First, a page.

USC students react to Charleston’s shooter sentence
‘I hope he fucking dies.’
Dylann Roof, notorious for his racist and hatred filled massacre, and his subsequent manifesto, was found guilty today for twelve counts of hate crime, nine counts of obstruction of religious freedom, and nine counts of using a firearm for murder.
On January 3rd the same jury will meet to decide between the death sentence or life in prison without parole for Roof.
— CNN Breaking News (@cnnbrk) December 15, 2016
His massacre was during the same summer of 2015 that the confederate flag was removed from the State House in Columbia, South Carolina. Roof’s horrific crime occurred in June of the same year. A chilling video of his confession was run by CNN this past week.
Here’s how USC students have reacted to the news:
Reed Arao, a recent graduate from the prestigious Darla Moore School of Business, elaborates: “Justice is served- guilty is undoubtedly the correct verdict. He committed the crime, there is no question about that. And when it comes to the question of whether or not he was operating under a mentally insane capacity at the time of the crime, I do not see any point in the argument.
“The evidence gathered pointing to his white supremacist and blatantly racist ideals leaves no question in my mind that he was a very capable human being who unfortunately was influenced by hate and bigotry, both of which are not constitutionally protected reasons for murdering nine people. It is troubling to see such a fearful young man.
“All I can hope for is that he eventually sees the hate that he has spread through his actions.”
Jaana Rasmussen, a D1 athlete, art major and junior, said: “It’s unfortunate that as a society we will still have people like Mr. Roof until we learn to respect one another for who each person wishes to be. This case shows that humans still have a long way to go before seeing each other as equals.
I still can’t believe it happened, honestly. I was living in Washington state at the time and I was utterly heartbroken.”
Another student, Julia Servin, sophomore and International Business Major, told The Tab: “I think the manifesto is really shocking because he starts out the entire thing by stating he was not raised in a racist home or environment, but as you read through the article he was clearly not educated in a proper manner”.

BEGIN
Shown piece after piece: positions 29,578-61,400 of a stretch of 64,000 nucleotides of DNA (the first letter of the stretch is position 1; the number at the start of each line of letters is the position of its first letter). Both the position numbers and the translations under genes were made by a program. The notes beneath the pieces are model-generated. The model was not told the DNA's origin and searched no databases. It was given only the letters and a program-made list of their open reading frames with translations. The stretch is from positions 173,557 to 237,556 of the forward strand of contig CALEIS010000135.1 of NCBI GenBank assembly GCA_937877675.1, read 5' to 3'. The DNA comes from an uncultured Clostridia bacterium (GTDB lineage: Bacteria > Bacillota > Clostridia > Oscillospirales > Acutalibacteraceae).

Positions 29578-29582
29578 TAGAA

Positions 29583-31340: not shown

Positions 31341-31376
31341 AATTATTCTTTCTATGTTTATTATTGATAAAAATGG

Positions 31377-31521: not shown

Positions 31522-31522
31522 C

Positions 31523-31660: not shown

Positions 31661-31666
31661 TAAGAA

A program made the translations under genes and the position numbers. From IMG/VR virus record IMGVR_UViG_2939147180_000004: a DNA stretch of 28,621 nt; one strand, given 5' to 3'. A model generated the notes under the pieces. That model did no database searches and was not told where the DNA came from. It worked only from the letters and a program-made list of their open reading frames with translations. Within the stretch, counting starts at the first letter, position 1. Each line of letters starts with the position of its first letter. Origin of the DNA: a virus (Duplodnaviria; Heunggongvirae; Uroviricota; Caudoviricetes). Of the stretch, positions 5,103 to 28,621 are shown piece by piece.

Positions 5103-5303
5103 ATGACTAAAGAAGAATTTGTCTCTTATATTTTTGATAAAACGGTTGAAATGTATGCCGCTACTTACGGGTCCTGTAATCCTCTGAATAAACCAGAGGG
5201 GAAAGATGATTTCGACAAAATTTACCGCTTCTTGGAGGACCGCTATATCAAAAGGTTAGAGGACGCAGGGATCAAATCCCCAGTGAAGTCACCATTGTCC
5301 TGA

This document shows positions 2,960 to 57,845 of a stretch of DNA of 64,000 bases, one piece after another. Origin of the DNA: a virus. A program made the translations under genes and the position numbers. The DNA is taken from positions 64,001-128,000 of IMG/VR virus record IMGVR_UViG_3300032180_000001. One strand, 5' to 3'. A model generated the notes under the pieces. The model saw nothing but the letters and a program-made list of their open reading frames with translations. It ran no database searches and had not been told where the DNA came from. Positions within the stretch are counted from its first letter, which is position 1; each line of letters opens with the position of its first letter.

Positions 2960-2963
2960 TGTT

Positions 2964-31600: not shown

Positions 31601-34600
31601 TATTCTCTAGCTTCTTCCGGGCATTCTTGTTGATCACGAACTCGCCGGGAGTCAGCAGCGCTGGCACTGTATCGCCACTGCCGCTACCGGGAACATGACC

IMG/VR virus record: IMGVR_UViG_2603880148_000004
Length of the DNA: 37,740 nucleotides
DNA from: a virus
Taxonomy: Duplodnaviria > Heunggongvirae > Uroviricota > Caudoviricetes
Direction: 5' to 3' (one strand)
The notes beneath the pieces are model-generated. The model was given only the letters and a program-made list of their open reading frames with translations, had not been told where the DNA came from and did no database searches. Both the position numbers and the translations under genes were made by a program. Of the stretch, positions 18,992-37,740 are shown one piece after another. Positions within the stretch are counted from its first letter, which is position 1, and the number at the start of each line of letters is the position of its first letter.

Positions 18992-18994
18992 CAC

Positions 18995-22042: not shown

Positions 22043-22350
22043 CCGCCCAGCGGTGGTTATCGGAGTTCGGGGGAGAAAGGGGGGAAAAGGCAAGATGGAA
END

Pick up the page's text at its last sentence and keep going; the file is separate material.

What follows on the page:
On the death penalty versus life without parole?
“I think the jury should let him serve life. That way he can live everyday thinking about the lives he took away”, said Federika Sydow, a sophomore and Global Studies major.
“There is nothing that will bring back the people that were killed. Their families may never find peace. I don’t feel I could make a decision on exactly what his punishment should be. What the Charleston shooter did was evil and I believe that the punishment should fit the crime.
“In the end I hope, as a nation, we can stop seeing in color and just start seeing right and wrong,” Emmanuel Lewis, a senior and International Business major told The Tab.
Another junior simply said: “Can I say I hope he fucking dies?”
A friend of the family that was in Charleston on the night of the shooting said: “I don’t agree with the death penalty, I do believe he needs to have life in prison.”
Caitlin Mahoney, a senior and former president of Delta Sigma Pi, articulately stated: “I’ve heard some people say that giving Dylann Roof the death sentence could turn him into a martyr for white supremacy, whereas assigning him the fate of life without parole manages to justly punish him without glorifying his cause; I have to agree.
“Regardless of what the jury decides, I hope his name fades into obscurity rather than living on in infamy. If there can be any takeaway from this verdict, it should be that in America justice can and will prevail–even in times of darkness, violence, and uncertainty.”
Dylann Roof undoubtedly deserves his guilty verdict, but the bigger question of his sentence has just begun.